Article by Chris Fellini
Illustration by Noel Miciano
Eventually, the restaurant scene evolved to the point where only the wealthiest can afford an exquisite meal. The rest of us are left with cheap takeout and Sunday buffets, and we do it because we don’t know any better. Then comes the internet. And food blogs. And Instagram. And foodies. Now, everyone’s talking about quinoa and kohlrabi, and free range is all the rage.
So what does this mean for restaurants? I spoke with two guys in the industry to get their thoughts from opposite ends of the spectrum. Ian Swoveland graduated from the Culinary Institute of Virginia in 2010 and has since worked at The Cellars, Catch-31, Norfolk Chophouse, and Can Can in Richmond. Joe Pavey is the chef/co-owner of 80/20 Burger Bar. He’s worked at most of the Little Bar Bistro establishments, as well as at Bardo and Shuck’s.
Q: So, does a culinary degree still serve a purpose anymore?
Swoveland: The thing that changed, I think, was that culinary schools went out and promoted the fuck outta themselves to make money. Also, Food Network is the real game changer ‘cuz now everyone wants to be a chef. People don’t understand what a culinary degree means anymore. A person still has to define himself, but he’s taught a wider variety than a cook.
Pavey: The only thing is, with having a degree your base level knowledge is amazing.
Q: Is fine dining still relevant anymore?
S: It’s the overall experience. From the guys in the kitchen to the wait staff. Your waiters have been in the industry for like ten or twenty years.
P: I don’t ever wanna see fine dining go away.
Q: What about the cheaper guys popping up? Doing food that compares in quality, but for way less.
P: I consider 80/20 blue collar gourmet. We tried to picture a place we would want to go to. It’s harder to promote fine dining on a daily basis, but you can come here 2, 3 times a week.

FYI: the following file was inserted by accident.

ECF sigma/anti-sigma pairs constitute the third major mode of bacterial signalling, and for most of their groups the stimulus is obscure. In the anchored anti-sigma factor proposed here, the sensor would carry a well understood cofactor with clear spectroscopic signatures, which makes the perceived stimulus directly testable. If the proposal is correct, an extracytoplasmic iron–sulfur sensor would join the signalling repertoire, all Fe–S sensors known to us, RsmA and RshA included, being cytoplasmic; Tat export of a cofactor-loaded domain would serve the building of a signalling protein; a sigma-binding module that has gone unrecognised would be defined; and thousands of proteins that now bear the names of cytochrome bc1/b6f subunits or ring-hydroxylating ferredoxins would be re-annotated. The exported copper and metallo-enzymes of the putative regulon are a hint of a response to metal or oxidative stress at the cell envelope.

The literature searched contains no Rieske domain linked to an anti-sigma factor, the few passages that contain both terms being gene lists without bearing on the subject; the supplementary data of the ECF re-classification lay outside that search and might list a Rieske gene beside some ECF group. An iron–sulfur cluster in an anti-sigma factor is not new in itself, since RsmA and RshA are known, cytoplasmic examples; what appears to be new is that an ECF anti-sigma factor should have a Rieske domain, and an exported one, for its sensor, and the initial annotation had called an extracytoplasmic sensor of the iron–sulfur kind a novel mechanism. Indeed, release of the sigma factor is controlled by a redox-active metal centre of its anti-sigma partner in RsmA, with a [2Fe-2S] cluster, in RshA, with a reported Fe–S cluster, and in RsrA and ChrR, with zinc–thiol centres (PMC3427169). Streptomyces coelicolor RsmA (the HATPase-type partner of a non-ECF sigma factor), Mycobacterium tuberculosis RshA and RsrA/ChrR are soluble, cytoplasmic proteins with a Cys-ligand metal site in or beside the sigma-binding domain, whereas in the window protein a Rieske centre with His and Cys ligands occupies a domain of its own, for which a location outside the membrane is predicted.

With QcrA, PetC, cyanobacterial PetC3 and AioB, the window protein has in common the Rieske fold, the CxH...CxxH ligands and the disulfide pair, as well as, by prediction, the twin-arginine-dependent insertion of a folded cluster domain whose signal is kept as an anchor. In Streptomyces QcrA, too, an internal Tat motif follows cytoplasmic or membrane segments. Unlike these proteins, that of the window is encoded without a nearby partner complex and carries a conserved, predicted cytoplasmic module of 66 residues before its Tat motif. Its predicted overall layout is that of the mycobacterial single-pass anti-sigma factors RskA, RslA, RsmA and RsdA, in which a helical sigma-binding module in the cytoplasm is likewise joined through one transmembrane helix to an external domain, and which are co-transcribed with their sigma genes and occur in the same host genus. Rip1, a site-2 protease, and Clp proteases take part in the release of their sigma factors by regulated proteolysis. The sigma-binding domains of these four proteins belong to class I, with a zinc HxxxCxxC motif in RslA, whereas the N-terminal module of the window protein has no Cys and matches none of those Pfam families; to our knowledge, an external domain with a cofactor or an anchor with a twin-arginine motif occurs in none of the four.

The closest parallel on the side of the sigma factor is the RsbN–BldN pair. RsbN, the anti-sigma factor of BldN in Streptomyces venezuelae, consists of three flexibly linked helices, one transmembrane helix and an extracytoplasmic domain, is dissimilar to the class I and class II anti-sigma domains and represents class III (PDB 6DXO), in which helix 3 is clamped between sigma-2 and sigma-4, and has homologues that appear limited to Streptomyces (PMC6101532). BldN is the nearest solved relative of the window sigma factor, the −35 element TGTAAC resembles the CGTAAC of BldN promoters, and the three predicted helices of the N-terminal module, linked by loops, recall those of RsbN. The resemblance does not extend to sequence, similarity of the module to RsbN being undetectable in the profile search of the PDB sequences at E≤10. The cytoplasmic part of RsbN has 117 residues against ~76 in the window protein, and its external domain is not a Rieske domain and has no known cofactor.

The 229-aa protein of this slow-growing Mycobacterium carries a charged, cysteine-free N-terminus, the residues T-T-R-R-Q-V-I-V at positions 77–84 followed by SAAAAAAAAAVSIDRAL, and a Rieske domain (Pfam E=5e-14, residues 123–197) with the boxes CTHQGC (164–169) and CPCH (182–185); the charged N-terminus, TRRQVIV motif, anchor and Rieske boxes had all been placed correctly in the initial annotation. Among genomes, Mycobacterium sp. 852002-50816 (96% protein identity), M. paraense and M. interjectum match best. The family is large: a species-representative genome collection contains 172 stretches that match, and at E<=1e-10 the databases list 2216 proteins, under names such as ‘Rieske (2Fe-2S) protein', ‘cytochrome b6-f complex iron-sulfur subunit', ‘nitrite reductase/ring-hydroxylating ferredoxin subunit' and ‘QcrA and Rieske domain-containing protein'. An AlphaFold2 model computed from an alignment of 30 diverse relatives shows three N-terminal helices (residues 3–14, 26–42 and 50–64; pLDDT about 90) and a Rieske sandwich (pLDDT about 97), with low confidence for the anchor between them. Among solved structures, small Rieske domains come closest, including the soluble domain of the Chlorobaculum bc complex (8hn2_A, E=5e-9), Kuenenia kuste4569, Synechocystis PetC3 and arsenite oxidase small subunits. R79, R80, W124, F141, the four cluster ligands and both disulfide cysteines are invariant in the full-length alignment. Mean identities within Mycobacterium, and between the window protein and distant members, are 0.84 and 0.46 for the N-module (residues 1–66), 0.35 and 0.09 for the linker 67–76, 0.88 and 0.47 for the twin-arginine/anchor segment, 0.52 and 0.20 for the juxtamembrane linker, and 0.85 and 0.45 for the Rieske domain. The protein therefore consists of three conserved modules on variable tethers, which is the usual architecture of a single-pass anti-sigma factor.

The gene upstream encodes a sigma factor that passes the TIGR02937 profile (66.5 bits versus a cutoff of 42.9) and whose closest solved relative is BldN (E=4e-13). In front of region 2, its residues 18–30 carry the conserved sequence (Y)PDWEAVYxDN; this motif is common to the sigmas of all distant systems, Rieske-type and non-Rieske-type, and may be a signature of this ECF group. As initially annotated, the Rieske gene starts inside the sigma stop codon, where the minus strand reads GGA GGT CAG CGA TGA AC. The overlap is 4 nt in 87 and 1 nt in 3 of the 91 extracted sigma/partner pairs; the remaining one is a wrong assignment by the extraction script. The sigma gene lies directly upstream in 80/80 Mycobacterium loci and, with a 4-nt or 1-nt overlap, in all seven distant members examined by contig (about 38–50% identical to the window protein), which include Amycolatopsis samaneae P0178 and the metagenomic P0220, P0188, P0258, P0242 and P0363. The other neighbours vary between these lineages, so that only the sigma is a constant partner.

Q: What about the big chain spots?
P: I think for most people, there’s a comfort in the corporate spots. It’s consistent.
S: I think the big guys are dying. Red Lobster closed, Olive Garden almost closed. And ten years ago, Olive Garden was fine dining.
Q: Thoughts on foodies?
P: We’re just opening up more as people now. As long as we keep on the track of people knowing where their food is coming from.
S: There’s so many foodies, that even fast food places are putting out better products. McDonald’s has a brioche roll now
P: That’s the real litmus test.
Q: What direction is food headed next? What’s the next big thing?
S: If I knew that, I would be doing it.
P: I think we’re going to see a super focus on cultural cuisines. As for 80/20, we’re gonna start getting more game meats, and expanding our canning possibilities.I feel comfortable that we can get a little funkier
For more on 80/20 Burger visit: www.8020burgerbar.com
For more on Can Can visit: www.cancanbrasserie.com
For more on Illustrator Noel Miciano visit https://www.facebook.com/pucknkhaos
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